As I watched the election results come in last week, I was in shock. I couldn’t believe it. Everyone had gotten it wrong, from research centers to media polls to political pundits. I thought to myself, how could America elect a man who ran a campaign anchored in so much hateful rhetoric?
So I waited for the election data. And when I saw this article from Pew Research Center, I can’t say I was surprised.
According to Pew, pretty much the only faith group in Trump’s corner were white Christians. Overall, Protestants, Catholics and other Christian faiths supported the Republican candidate, with white Catholics supporting Trump by a margin of 60 percent. All other faith groups supported Hillary Clinton by a large margin.
But what was particularly striking is that white, born-again evangelicals backed Trump in droves, with a whopping 81 percent casting a ballot for the real estate mogul. This was the largest percentage out of any demographic group, and in addition, evangelicals supported Trump by a bigger margin than that of any other recent Republican candidate (Bush and Romney received 78 percent of evangelical support, and McCain received 74 percent.)
So, not only did white, evangelical Christians not care about Trump’s rhetoric and his comments on the campaign trail, but they seemed to like him more than ever. His hostility towards marginalized groups did not seem to bother them.
White evangelical Christians turned out in record numbers for Donald Trump.
I wish I could say I didn’t expect this, but the Religious Right has consistently supported Trump since he triumphed in the primaries, standing by him even when he said we should ban Muslims from entering the United States and when he bragged about committing sexual assault. Trump has surrounded himself with top Religious Right leaders who have worked to downplay the president-elect’s rhetoric.
White evangelical voters came out in droves this election, and they showed us that they still support an agenda that is hostile to the issues that Americans United stands for. They showed us that they support discrimination against the LGBTQ community, that they back limiting women’s right to reproductive healthcare and that they support Islamophobic policies that target Muslims based on their faith. With both houses of Congress is GOP hands, we’re going to have to work harder than ever to fight against these harmful policies.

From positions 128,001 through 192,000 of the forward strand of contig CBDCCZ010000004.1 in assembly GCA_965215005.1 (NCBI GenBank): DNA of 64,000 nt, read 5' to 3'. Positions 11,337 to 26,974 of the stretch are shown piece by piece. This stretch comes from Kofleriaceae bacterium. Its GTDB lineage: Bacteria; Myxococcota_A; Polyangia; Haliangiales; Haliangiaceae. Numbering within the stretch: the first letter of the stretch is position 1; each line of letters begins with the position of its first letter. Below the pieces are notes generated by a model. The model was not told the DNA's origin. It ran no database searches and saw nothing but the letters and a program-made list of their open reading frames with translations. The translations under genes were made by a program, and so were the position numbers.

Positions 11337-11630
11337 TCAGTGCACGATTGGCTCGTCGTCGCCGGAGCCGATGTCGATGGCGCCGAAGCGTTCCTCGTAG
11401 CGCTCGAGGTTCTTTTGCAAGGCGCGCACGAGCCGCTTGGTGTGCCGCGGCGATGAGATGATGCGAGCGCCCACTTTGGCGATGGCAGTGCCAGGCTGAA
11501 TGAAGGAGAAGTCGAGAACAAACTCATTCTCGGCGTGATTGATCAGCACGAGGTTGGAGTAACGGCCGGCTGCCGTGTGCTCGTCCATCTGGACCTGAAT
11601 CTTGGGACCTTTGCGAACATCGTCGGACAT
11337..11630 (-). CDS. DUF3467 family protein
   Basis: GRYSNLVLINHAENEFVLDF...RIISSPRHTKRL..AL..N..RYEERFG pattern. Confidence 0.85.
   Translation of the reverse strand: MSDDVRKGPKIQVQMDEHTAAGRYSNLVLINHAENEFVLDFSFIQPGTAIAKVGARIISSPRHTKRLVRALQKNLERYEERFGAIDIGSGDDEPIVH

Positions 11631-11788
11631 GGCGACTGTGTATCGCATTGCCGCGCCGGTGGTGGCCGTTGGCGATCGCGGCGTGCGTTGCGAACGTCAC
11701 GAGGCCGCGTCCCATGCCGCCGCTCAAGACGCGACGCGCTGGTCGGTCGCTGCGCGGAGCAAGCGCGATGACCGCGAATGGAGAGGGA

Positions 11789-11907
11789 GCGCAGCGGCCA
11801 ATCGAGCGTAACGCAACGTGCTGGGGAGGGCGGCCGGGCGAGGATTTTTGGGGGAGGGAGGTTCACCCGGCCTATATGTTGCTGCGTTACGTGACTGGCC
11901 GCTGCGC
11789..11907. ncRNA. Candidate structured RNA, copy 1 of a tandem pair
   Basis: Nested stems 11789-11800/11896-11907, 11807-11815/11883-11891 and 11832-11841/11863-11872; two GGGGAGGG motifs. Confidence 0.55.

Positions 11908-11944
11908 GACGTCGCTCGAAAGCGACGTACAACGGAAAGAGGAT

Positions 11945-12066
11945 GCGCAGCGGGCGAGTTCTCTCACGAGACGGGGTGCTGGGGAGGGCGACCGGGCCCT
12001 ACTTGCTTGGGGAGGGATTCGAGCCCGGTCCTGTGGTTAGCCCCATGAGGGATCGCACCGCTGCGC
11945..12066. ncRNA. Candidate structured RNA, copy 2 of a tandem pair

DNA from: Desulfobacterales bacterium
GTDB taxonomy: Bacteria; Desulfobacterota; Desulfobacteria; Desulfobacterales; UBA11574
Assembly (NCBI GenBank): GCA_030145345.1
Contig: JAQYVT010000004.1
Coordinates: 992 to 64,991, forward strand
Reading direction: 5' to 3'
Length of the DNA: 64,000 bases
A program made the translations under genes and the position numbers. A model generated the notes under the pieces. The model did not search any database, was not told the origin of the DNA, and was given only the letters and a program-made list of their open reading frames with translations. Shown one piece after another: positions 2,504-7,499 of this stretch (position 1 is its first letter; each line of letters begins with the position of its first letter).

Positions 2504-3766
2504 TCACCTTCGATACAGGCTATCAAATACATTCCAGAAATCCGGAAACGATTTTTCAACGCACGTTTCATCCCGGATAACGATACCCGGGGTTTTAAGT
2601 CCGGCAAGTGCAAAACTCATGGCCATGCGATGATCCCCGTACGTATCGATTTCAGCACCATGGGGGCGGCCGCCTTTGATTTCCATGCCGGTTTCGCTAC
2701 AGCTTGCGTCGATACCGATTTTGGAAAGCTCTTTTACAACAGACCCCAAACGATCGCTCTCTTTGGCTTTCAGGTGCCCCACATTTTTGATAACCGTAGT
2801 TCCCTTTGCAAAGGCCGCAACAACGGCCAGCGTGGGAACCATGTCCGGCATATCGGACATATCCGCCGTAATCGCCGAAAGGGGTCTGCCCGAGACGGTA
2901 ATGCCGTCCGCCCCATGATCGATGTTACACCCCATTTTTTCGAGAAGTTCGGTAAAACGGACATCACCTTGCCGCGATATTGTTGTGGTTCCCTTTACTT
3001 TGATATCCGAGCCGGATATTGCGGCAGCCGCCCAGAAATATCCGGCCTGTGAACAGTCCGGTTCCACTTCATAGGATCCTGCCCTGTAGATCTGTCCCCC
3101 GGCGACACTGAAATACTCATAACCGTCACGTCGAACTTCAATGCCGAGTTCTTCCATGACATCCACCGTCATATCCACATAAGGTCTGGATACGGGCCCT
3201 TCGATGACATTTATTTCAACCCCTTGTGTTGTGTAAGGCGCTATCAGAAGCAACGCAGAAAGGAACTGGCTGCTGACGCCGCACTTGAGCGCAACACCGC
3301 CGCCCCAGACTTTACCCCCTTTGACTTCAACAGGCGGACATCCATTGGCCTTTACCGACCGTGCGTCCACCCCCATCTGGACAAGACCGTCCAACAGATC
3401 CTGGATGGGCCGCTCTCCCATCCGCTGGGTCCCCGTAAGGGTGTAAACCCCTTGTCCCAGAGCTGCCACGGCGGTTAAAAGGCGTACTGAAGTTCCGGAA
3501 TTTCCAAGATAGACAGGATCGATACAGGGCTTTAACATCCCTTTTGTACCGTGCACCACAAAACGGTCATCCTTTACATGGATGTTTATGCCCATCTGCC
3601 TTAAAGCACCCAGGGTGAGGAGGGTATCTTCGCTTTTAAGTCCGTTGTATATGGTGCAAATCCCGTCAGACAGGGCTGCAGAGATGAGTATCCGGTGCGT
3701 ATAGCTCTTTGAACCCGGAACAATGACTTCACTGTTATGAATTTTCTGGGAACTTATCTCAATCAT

As I kept scrolling through the data, I noticed something else: The proportion of secular voters this election is the highest it’s been in recent years. Fifteen percent of voters in the 2016 elections identified as religiously unaffiliated, and this number has been steadily increasing since the 2000 election, when only 9 percent of the electorate identified as such.
The secular community is becoming larger and larger, with this demographic starting to make up a much more significant sect of society. What does this mean for the future? My hope is that in future elections, secular voters will be part of a coalition that can make some real headway in combatting the dominating force that is the Religious Right and the right-wing evangelical voting bloc. I also hope that the increasing amount of secular voters are inspired to participate in future elections, particularly local and midterm congressional elections.
More and more Americans are identifying as secular, atheist, agnostic, humanist, “spiritual but not religious,” etc., and I’m personally excited to see the community coming out of the woodwork more and more. If more secular Americans get involved and vote alongside moderate Christians and members of non-Christian faiths, we may see the creation of an effective counter force to the Religious Right. Theocratic zealots may start to lose some of their power to enact policies designed to tear down the protective separation between church and state.
White evangelicals helped put Trump in the White House. But in the future, secular Americans and others who are tired of the hypocrisy and zealotry of the Religious Right may take him out of it.